How many of us would say that we’re “happy”?  Do we have an inherent right to happiness?  What does the term mean?  Is it a worthy goal?

One of the newest areas of inquiry in psychology, often called “the science of happiness,” is Positive Psychology.  It emerged when a small group of researchers realized that the study of negative emotions — anger, depression, anxiety — was extensive, while studies of feelings such as contentment, joy, and optimism were very limited.  As a  counterbalance to the vast amount of research on the failings of human development and behavior and methods for treating psychological illnesses, positive psychology was born.  The field focuses on strengths, resilience, subjective wellbeing, pleasure, curiosity, courage, and the like.  In light of the enormous popularity of self-help and pop-psychology books, and the limited readership of scholarly journals, one of the aims of this field is to bring scientific research to the topics people are already reading about.

Studies have shown that beyond the pursuit of pleasure and happiness, people value meaning in their lives, having a sense of purpose and of being directly involved in what Jerome Bruner, a cognitive psychologist, termed, “meaning-making”.  We also value a sense of engagement, being actively involved with others and in our own lives.   Buddhism teaches us this through the process of “mindfulness”: noticing as much both around and within us as possible, living very consciously, and yet not attaching too strongly to emotions or letting them define us — only noticing them.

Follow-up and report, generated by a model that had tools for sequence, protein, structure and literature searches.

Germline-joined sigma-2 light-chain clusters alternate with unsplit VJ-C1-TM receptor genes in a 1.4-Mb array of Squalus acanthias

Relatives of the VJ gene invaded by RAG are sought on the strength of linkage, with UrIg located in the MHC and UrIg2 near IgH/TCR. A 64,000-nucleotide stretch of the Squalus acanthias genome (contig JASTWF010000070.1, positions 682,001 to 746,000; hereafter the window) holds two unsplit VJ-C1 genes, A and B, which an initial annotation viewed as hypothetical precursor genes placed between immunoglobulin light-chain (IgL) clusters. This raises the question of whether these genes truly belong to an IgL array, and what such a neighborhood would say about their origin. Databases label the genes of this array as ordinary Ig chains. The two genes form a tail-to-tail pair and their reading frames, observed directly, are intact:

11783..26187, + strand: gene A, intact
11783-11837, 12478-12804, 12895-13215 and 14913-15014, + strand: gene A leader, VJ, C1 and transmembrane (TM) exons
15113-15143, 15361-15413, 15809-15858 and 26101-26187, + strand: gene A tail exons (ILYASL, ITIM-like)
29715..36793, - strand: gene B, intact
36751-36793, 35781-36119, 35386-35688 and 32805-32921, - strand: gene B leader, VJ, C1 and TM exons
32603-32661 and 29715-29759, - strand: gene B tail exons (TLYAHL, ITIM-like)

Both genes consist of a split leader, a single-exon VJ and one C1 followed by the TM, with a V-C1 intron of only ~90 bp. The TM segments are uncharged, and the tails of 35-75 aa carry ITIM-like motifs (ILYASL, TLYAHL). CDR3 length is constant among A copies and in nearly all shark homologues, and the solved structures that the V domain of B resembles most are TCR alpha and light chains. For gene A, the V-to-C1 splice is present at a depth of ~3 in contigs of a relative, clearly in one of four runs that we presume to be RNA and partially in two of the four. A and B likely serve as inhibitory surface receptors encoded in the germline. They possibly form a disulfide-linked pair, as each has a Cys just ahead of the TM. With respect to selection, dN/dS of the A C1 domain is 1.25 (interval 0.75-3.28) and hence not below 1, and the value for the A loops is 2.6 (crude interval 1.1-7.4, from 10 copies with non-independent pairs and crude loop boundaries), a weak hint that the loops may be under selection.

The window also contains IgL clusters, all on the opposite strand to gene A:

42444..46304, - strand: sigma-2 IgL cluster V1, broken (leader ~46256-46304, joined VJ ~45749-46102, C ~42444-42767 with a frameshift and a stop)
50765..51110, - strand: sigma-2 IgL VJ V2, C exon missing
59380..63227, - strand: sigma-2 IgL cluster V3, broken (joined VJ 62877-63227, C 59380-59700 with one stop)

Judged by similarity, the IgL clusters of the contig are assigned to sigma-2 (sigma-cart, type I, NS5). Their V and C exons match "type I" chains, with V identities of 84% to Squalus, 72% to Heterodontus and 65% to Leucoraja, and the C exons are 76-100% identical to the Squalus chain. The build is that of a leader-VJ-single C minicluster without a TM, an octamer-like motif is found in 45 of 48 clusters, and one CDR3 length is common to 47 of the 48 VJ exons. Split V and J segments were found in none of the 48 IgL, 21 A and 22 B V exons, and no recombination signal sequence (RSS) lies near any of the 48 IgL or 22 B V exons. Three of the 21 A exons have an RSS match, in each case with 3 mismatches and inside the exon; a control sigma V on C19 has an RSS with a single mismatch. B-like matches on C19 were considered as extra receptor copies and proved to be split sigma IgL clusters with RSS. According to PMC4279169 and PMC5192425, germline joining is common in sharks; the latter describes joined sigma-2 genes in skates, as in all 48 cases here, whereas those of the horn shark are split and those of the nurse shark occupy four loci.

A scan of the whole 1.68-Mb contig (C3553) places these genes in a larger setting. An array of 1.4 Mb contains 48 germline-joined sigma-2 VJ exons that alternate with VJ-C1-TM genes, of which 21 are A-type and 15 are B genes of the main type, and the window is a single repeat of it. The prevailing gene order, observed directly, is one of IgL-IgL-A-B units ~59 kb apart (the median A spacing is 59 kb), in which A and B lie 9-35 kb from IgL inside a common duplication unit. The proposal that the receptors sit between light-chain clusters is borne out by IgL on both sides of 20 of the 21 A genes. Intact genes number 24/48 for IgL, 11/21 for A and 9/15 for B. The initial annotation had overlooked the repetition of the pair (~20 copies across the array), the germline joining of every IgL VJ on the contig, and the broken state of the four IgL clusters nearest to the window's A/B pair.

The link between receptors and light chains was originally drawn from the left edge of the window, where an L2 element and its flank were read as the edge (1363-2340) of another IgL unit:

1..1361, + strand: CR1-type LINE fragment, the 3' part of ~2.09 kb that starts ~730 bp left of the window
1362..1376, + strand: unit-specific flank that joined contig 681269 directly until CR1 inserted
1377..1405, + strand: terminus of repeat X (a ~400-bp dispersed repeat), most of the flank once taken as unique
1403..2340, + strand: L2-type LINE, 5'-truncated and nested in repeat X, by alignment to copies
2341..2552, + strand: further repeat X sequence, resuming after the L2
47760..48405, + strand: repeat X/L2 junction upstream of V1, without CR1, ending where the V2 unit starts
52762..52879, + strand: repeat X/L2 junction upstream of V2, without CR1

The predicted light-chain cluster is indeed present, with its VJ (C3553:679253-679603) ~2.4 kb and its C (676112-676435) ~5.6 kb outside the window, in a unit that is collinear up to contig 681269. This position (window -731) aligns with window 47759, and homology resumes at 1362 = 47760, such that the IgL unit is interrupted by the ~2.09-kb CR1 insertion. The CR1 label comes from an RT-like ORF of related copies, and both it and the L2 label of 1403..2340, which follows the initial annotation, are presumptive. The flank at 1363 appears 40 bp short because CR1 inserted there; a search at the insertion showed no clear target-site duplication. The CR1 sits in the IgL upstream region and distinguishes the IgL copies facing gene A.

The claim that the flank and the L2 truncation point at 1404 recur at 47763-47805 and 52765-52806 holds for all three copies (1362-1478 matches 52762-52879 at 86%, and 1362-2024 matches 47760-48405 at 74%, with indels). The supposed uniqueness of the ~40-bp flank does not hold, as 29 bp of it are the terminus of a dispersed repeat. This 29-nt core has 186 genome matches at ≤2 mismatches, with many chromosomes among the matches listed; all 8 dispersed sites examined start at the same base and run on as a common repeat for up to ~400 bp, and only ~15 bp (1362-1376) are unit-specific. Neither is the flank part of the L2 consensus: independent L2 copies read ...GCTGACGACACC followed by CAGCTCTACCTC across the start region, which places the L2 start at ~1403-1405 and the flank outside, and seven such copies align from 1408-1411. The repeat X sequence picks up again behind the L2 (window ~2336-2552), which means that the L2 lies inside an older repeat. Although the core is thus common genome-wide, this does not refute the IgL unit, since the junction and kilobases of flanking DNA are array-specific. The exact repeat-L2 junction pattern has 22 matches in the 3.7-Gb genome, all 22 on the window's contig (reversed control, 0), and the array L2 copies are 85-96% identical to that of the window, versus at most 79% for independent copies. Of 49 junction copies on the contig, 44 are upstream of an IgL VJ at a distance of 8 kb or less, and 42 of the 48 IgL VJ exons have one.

While we all want happiness, neither we nor our environment are designed for a constant experience of this state.  Life is much richer with the full spectrum of emotion, as Chinese Medicine, with its focus on balance, would also indicate.  In order to experience happiness at all, in terms of recognizing and understanding it, we must also have the experience of darker emotions.  “Happiness is a place to visit, not a place to live,” according to scholar Daniel Gilbert.

In my doctoral work, I studied adolescent resilience and the influence of community.  I interviewed a number of teenagers in a small seaside village, and representatives of town leadership as well, looking for the ways in which one’s community — beyond individual traits, family systems, and school environment — impacts upon one’s ability to overcome challenges  and thrive in the face of adversity.  It became apparent to me that not only does it “take a village to raise a child”, that oft-cited proverb of Nigerian Igbo culture [“Ora na azu nwa”]; the reverse is also true: it takes a “child”, seeing through the eyes of and even being led by the naive and idealistic curiosity and openness of youth, to contribute to the psychological growth of a community.

For more information on the field of positive psychology, here’s an especially good overview: http://harvardmagazine.com/2007/01/the-science-of-happiness.html

And for a two-hour presentation by Professor Tal Ben-Shahar, whose course on this topic has had the highest enrollment of any course in Harvard’s history: http://forum-network.org/lecture/positive-psychology-science-happiness

As my new friend Professor Gino Yu would say, it all comes down to this: “Right here, right now … it’s good to be alive.”

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